Date of Award


Document Type


Degree Name

Doctor of Philosophy (PhD)



First Advisor

James M. Cahalan, Ph.D.

Second Advisor

Christopher Kuipers, Ph.D.

Third Advisor

Lingyan Yang, Ph.D.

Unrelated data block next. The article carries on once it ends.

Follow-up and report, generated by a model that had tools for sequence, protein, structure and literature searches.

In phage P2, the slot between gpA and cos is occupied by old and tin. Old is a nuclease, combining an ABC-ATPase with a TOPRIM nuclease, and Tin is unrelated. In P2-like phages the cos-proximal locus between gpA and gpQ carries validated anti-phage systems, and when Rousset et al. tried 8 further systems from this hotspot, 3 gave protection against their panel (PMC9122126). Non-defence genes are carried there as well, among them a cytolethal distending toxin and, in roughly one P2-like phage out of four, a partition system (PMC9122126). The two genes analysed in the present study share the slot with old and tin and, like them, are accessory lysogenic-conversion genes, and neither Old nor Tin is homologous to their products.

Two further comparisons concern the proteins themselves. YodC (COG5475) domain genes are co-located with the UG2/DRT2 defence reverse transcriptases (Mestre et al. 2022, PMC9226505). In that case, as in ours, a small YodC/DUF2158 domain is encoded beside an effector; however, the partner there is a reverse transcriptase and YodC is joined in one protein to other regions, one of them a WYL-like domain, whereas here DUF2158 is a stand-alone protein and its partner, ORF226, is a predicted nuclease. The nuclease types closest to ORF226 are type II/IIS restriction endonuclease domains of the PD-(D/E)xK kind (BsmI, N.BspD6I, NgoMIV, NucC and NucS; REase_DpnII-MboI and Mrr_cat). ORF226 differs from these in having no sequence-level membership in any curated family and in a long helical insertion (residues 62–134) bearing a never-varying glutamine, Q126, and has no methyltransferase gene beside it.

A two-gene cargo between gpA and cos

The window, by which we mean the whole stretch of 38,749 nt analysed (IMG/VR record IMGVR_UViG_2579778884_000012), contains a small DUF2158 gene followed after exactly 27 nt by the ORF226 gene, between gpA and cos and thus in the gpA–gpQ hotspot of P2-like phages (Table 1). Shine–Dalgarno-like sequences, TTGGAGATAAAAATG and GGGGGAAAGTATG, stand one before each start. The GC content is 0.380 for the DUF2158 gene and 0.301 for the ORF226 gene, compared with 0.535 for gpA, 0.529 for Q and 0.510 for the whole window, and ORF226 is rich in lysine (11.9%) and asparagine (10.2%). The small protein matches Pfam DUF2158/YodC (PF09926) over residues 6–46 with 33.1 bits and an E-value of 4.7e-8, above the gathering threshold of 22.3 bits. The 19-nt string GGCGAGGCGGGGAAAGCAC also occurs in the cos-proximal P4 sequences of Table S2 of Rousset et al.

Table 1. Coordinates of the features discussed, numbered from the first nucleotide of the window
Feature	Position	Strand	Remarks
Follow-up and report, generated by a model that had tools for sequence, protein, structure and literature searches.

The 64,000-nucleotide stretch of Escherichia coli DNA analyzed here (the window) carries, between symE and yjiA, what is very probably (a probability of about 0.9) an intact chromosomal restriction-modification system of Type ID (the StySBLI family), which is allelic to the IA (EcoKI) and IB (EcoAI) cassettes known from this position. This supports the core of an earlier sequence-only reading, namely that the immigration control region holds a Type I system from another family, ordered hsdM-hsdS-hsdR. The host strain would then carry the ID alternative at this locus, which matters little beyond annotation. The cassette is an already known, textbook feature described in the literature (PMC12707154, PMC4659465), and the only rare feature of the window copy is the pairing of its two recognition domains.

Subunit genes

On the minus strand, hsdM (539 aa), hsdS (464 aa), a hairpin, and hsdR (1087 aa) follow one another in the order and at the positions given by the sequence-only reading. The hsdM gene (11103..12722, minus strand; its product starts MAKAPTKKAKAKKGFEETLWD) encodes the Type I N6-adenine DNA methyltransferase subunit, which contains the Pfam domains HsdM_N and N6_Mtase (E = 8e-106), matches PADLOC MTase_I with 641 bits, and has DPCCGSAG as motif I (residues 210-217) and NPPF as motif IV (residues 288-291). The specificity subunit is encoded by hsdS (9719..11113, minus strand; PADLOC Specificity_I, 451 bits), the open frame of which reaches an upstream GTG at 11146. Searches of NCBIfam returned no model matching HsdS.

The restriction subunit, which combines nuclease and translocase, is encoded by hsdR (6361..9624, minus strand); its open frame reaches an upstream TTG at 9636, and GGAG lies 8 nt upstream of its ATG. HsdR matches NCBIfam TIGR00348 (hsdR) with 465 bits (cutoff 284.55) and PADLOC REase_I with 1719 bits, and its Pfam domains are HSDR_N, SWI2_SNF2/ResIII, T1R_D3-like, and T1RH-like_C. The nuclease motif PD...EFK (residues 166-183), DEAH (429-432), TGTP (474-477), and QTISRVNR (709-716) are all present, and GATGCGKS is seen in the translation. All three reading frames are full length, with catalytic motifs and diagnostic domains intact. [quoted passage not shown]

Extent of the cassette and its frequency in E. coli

In this first comprehensive study of Deirdre Madden's novels, I examine her work through a variety of critical lenses, and position Madden within the contexts of Irish fiction and women's fiction. I consider Madden's significance as an Irish writer who situates herself among various traditions and themes: nature and place writing, mother-daughter relationships, the Irish "Troubles," expatriate experiences, art and the artist, and children's literature. Feminism provides the groundwork for many of my analyses, but I also discuss Madden's work ecocritically, historically, and aesthetically, exploring ideas concerning literary influence and intertextuality as well. I begin by outlining the primary problem that this study seeks to address--the lack of scholarship not only on Madden, but on modern Irish women fiction writers in general. I also sketch a brief history of Madden's career as a writer, a career that spans more than thirty years thus far. My purpose is not to examine Madden's novels one by one, but rather to fit her writing into existing traditions and argue for her place within these traditions, even, or especially, when she defies them. I include analyses of all eleven of Madden's novels within different scopes and contexts, thereby demonstrating that her work is sufficiently rich to reward multiple critical approaches. Although discussion of each novel appears in more than one section, I examine her children's books in a separate chapter. Drawing from an interview I conducted with Madden in June 2012, I also explore Madden's literary influences and elements of intertextuality within her writing. I conclude by suggesting subjects for future studies of Madden and raising questions that will still need to be addressed. In a broader context, I assert that the field of Irish studies in the United States must break away from its male-dominated history and include more women writers. In both a scholarly and pedagogical sense, Irish studies has made progress in terms of gender equity, but more needs to be done. Madden's work, along with the work of her female contemporaries, has been marginalized and under-appreciated, and thus this study is both necessary and timely.